North Suburban Man Pleads Guilty to Federal Child Pornography and Exploitation Charges
CHICAGO — A north suburban man has pleaded guilty to federal criminal charges for threatening to publish sexually explicit images of an underage girl unless she sent him more explicit photos and videos of herself.
DAVID J. COTTRELL, 30, of Niles, enticed the underage victim into sending him sexually explicit photos of herself via online social messaging applications. After collecting the photos, Cottrell informed the girl that he knew her real name, the name of her school, and her parents’ jobs, and he threatened to post the images online and send them to her family unless the girl sent him additional, more explicit photos and videos, which she did. Cottrell contacted the victim on a regular basis until her parents discovered the messages in 2017 and contacted law enforcement.
Cottrell pleaded guilty Wednesday to one count of sexual exploitation of a child, which is punishable by a mandatory minimum sentence of 15 years in federal prison and a maximum of 30 years, and one count of possession of child pornography, which is punishable by up to ten years. U.S. District Judge Robert W. Gettleman set sentencing for June 4, 2020, at 10:30 a.m.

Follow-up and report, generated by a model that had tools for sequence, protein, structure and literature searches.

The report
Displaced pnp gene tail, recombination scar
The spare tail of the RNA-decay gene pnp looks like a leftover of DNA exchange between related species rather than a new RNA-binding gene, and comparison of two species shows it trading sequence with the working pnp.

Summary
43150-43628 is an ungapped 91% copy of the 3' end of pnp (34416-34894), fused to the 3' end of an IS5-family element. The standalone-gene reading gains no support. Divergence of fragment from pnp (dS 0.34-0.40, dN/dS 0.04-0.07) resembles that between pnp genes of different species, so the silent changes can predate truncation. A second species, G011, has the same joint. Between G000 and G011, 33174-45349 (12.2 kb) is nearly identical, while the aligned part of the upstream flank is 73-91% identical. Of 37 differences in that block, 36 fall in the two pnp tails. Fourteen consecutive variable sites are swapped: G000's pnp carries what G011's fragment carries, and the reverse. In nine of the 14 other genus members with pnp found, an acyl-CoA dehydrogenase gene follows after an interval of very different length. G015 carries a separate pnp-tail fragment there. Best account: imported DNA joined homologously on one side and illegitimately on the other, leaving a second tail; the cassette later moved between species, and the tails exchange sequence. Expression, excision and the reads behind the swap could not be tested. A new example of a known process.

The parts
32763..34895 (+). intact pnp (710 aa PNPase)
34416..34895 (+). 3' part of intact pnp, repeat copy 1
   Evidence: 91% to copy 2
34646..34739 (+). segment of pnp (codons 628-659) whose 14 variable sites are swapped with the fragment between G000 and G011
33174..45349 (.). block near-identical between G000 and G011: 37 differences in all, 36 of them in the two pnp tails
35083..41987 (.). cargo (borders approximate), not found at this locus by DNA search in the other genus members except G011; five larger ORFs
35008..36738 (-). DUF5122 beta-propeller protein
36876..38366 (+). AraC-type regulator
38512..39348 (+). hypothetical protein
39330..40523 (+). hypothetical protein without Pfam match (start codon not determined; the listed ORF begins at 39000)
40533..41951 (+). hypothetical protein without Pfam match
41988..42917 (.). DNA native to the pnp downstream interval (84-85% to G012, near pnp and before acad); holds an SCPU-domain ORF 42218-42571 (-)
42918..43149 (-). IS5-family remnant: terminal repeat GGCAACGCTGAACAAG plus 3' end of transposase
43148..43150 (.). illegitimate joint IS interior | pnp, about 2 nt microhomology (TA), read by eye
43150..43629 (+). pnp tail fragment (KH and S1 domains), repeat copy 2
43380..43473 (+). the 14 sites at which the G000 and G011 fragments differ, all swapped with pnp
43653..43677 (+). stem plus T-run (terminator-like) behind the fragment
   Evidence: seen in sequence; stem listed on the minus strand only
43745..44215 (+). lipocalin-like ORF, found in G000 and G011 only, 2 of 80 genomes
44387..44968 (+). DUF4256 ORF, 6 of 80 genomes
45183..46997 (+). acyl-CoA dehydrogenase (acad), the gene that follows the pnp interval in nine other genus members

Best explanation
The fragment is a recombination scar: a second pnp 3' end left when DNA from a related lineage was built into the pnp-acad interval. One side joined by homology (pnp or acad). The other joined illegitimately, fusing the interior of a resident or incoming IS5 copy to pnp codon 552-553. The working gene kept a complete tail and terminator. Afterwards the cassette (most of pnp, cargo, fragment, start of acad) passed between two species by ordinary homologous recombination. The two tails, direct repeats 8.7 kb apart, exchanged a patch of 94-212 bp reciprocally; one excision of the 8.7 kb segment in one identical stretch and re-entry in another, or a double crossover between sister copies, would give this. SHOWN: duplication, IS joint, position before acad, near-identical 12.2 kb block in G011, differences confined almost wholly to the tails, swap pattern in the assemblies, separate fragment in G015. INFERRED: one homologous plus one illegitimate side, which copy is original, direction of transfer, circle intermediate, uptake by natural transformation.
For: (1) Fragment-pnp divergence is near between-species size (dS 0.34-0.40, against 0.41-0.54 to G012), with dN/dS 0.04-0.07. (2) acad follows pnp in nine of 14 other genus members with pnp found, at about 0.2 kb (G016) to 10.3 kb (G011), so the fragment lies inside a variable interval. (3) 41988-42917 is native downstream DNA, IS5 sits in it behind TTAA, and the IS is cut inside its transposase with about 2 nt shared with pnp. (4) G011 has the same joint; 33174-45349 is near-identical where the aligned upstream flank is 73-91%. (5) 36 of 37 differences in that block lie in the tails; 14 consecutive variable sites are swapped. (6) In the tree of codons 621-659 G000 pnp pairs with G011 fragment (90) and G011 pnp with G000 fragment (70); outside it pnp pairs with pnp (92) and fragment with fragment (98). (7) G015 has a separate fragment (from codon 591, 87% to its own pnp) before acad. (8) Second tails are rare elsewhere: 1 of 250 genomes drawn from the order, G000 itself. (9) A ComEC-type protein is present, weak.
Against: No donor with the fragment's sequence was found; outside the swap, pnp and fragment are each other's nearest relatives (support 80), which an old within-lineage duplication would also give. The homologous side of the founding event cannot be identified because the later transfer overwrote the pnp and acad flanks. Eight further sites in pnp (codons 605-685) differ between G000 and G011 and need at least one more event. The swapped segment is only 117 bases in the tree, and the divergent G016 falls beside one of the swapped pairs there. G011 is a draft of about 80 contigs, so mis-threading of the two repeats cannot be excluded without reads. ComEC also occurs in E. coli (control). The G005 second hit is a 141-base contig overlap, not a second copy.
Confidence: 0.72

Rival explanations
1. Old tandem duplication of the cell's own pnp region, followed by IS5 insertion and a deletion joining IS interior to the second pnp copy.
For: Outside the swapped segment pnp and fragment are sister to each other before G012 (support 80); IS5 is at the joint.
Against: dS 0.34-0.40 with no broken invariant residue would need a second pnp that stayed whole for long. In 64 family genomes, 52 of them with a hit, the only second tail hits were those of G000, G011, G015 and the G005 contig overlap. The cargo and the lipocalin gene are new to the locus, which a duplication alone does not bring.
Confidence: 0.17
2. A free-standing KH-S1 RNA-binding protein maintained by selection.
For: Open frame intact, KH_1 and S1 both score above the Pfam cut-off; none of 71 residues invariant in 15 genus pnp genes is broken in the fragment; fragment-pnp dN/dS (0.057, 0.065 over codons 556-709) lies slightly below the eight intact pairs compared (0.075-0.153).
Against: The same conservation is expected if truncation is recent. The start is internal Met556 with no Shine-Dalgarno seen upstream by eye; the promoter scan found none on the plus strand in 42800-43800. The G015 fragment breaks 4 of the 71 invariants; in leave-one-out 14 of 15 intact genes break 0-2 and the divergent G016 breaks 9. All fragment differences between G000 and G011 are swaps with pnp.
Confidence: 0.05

The guilty plea was announced by John R. Lausch, Jr., United States Attorney for the Northern District of Illinois; and James M. Gibbons, Special Agent-in-Charge of the Chicago office of the U.S. Immigration and Customs Enforcement’s Homeland Security Investigations. The government is represented by Assistant U.S. Attorney Charles W. Mulaney.
Cottrell admitted in a plea agreement that he similarly induced or attempted to induce four other minor victims into sending him sexually explicit images of themselves. While communicating with the victims online, Cottrell used the screennames “sevendollarcab,” “brightcitylights,” “b88785,” and “YouShallSubmitToMe Sir.”
If you believe you are a victim of sexual exploitation, you are encouraged to call the National Center for Missing and Exploited Children by calling 1-800-843-5678, or logging on to www.cybertipline.com.